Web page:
Crocs Wins PETA Award for Ditching Leather

For Immediate Release:
July 29, 2021

Megan Wiltsie 202-483-7382

Broomfield, Colo. – A Compassionate Business Award is on its way from PETA to Crocs, which just announced that it is removing leather from its designs and will go entirely vegan by the end of the year—a kind move that follows years of appeals from PETA to its executives. The decision is part of Crocs’ goal of becoming a “net zero” company by 2030.

“Crocs is taking the most effective action possible to cut its carbon footprint and preventing gentle cows from being strung up and slaughtered,” says PETA Executive Vice President Tracy Reiman. “PETA is celebrating this conscientious company for taking a big step to bring about the vegan world we all need.”

A PETA video exposé of the world’s largest leather producer revealed that gentle cows and bulls were branded on the face, electroshocked, and beaten before being killed for their skin. Turning animal skins into leather requires the use of 130 chemicals—including cyanide—and leather production results in massive amounts of the carbon emissions that contribute to climate change. The World Bank has also reported that cattle ranching is responsible for over 80% of deforestation in the Amazon since 1970.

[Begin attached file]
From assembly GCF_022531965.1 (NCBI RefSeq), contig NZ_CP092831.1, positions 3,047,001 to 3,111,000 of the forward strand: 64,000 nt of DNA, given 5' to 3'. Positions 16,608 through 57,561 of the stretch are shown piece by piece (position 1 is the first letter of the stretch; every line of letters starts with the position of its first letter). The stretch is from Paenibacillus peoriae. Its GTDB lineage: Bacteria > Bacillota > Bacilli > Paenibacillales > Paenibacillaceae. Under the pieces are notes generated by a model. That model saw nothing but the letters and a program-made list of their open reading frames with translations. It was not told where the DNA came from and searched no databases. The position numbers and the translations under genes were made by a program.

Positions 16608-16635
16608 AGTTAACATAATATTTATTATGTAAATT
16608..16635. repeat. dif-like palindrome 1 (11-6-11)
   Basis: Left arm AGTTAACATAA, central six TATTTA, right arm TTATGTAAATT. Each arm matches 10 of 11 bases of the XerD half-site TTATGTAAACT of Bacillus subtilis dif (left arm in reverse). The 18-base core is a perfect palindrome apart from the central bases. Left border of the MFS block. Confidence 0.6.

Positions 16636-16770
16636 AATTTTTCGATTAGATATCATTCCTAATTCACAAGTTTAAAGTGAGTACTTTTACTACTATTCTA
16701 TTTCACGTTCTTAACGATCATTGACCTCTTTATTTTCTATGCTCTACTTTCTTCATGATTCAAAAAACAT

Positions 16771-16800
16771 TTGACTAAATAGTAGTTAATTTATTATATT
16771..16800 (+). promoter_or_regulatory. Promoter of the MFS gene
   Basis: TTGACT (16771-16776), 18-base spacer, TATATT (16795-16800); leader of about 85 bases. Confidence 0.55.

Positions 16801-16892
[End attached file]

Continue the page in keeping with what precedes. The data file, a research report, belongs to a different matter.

Crocs will receive a framed certificate and a box of delicious vegan chocolates.

PETA—whose motto reads, in part, that “animals are not ours to wear”—opposes speciesism, a human-supremacist worldview. For more information, please visit or follow the group on Twitter, Facebook, or Instagram.

For Media: Contact PETA's
Media Response Team.


Get PETA Updates

Stay up to date on the latest vegan trends and get breaking animal rights news delivered straight to your inbox!

By submitting this form, you’re acknowledging that you have read and agree to our privacy policy and agree to receive e-mails from us.

 Ingrid E. Newkirk

“Almost all of us grew up eating meat, wearing leather, and going to circuses and zoos. We never considered the impact of these actions on the animals involved. For whatever reason, you are now asking the question: Why should animals have rights?” READ MORE

— Ingrid E. Newkirk, PETA President and co-author of Animalkind